Speaking of identity and all the labels that go with it, the SPACE Gallery kicks off “Sign Geeks,” a survey of photographers who share a passion for vintage neon signs. “Finding the signs atop of ramshackle buildings and bowling alleys, hanging over seedy bars and no-tell motels, each sign is a handcrafted original, once a landmark or a guidepost, promising a cold beer, a good meal or even a good time,” says curator Christina Franco-Long. “They helped define a street, a neighborhood and an era. This show is both an homage to this vanishing art form and a distinctive and compelling genre of its own.”

Finally, the Latino Art Museum continues its celebration of the “Don’t Sleep” international exhibition featuring over 50 European artists, and adds to the gallery Andreas Murauer’s solo show of 23 photographs mounted on aluminum. They’ll also be handing out Red Carpet Awards for their 13th year celebration. Hosted by Cecilia “the Mamacita” from radio station 93.5 KDAY, recipients include Edward James Olmos and Christine Devine. Deje que la celebra!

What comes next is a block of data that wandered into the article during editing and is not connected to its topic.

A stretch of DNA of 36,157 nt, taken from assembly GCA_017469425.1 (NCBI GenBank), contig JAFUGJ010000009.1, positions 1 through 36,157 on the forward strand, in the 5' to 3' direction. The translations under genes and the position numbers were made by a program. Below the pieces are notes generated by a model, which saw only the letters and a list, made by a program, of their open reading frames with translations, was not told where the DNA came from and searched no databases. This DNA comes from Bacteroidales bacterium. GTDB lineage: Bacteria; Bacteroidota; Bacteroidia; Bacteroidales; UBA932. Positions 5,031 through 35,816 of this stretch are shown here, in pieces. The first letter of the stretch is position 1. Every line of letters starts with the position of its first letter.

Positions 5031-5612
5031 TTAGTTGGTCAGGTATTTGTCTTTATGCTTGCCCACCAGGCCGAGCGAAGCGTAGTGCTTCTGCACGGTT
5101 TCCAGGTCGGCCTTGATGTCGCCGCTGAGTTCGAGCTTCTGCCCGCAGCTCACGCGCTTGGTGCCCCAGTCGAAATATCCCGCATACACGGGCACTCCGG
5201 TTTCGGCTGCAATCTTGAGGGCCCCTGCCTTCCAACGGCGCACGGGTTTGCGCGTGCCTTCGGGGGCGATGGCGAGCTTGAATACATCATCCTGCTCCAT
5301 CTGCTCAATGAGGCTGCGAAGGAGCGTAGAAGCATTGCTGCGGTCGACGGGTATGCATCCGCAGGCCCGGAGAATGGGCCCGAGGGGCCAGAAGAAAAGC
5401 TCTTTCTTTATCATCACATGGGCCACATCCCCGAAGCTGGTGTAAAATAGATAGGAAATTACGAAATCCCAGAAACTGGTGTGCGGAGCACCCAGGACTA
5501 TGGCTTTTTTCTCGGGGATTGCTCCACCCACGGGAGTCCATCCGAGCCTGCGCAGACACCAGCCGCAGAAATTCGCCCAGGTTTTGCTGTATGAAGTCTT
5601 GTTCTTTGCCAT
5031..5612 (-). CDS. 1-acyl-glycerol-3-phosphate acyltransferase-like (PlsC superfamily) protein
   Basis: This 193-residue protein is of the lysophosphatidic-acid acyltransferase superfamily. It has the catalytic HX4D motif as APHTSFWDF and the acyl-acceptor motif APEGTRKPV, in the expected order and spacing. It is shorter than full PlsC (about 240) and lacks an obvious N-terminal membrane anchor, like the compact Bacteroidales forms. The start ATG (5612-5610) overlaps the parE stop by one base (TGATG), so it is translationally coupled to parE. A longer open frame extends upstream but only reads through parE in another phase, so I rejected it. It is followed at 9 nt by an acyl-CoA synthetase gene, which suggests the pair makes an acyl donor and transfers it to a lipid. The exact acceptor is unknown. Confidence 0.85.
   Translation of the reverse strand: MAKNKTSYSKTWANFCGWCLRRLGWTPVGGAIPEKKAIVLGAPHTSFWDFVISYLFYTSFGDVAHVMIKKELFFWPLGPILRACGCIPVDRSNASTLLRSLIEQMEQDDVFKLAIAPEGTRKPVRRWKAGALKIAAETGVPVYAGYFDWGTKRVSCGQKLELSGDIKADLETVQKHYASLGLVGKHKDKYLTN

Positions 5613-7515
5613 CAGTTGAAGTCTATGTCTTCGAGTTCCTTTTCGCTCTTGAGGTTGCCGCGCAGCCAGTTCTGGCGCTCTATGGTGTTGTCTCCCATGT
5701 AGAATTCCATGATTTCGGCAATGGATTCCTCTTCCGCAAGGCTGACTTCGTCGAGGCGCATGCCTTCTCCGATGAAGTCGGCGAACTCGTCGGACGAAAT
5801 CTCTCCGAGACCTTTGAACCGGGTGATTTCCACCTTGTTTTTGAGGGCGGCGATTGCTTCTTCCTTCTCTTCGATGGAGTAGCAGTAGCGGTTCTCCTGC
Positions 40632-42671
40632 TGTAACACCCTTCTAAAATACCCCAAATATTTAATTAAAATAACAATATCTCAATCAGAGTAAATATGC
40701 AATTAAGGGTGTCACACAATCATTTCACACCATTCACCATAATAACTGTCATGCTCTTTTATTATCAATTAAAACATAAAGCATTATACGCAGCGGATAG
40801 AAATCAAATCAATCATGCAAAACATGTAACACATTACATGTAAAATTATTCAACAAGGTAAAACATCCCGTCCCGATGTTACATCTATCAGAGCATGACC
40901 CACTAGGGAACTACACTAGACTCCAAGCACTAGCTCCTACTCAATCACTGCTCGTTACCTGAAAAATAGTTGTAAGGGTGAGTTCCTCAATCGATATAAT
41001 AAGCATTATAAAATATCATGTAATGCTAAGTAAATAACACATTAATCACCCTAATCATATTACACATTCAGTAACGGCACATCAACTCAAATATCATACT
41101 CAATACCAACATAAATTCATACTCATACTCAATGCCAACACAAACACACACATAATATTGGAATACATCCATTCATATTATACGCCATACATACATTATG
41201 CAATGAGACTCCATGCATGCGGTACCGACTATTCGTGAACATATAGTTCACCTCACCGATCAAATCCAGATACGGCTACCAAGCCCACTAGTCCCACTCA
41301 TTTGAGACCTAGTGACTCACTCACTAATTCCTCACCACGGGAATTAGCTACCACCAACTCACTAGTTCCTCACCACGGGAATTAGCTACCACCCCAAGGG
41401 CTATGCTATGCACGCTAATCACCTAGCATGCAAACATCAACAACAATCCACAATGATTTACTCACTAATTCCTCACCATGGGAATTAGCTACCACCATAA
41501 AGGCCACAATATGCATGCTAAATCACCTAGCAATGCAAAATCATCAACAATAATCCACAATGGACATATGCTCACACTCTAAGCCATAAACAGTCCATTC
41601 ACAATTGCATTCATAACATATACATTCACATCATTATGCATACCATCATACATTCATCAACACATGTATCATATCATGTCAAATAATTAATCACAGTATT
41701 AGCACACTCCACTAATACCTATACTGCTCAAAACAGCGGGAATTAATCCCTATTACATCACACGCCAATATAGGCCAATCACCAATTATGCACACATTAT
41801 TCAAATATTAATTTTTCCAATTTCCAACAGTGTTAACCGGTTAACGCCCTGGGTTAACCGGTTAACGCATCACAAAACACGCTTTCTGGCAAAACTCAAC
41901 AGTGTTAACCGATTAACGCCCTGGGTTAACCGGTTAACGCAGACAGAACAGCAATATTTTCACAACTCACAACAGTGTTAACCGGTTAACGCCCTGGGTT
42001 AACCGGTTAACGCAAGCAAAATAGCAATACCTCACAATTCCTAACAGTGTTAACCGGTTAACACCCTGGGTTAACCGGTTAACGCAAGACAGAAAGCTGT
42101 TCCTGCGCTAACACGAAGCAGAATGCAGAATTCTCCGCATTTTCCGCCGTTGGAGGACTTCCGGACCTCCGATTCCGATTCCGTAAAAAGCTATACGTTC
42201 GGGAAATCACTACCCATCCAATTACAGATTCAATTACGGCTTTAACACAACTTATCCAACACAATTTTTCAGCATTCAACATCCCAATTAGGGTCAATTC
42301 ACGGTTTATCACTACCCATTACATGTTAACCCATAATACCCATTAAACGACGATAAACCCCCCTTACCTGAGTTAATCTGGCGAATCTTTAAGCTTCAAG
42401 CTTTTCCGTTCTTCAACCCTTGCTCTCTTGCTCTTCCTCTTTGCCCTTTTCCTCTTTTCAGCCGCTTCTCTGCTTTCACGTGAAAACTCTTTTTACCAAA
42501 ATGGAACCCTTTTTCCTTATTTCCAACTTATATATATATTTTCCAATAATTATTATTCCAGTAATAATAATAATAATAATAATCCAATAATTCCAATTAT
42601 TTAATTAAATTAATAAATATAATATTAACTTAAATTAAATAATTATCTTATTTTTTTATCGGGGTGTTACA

Written by Stacie Davies | Writer at Visual Art Source / Art LTD / IE Weekly / OC Weekly

FOX11 “Good Day LA”

Screen shot 2014-07-01 at 7.20.38 AMFOX11 correspondent Olga Ospina, came through Downtown Pomona yesterday to interview and showcase what they call a Cultural Resurgence in the Arts within Pomona’s Arts Colony. They spoke and spotlighted Frank Garcia (Chamber of Commerce), Larry Egan (DPOA), Ceasar (Hip Hop School of Arts), Aztec Dancers (Boys and Girls Club), The DA Center of Arts, The School of Arts and Enterprise and of course, Charlie (the Trolley).

Video 1 | FOX 11 LA KTTV

Video 2 | FOX 11 LA KTTV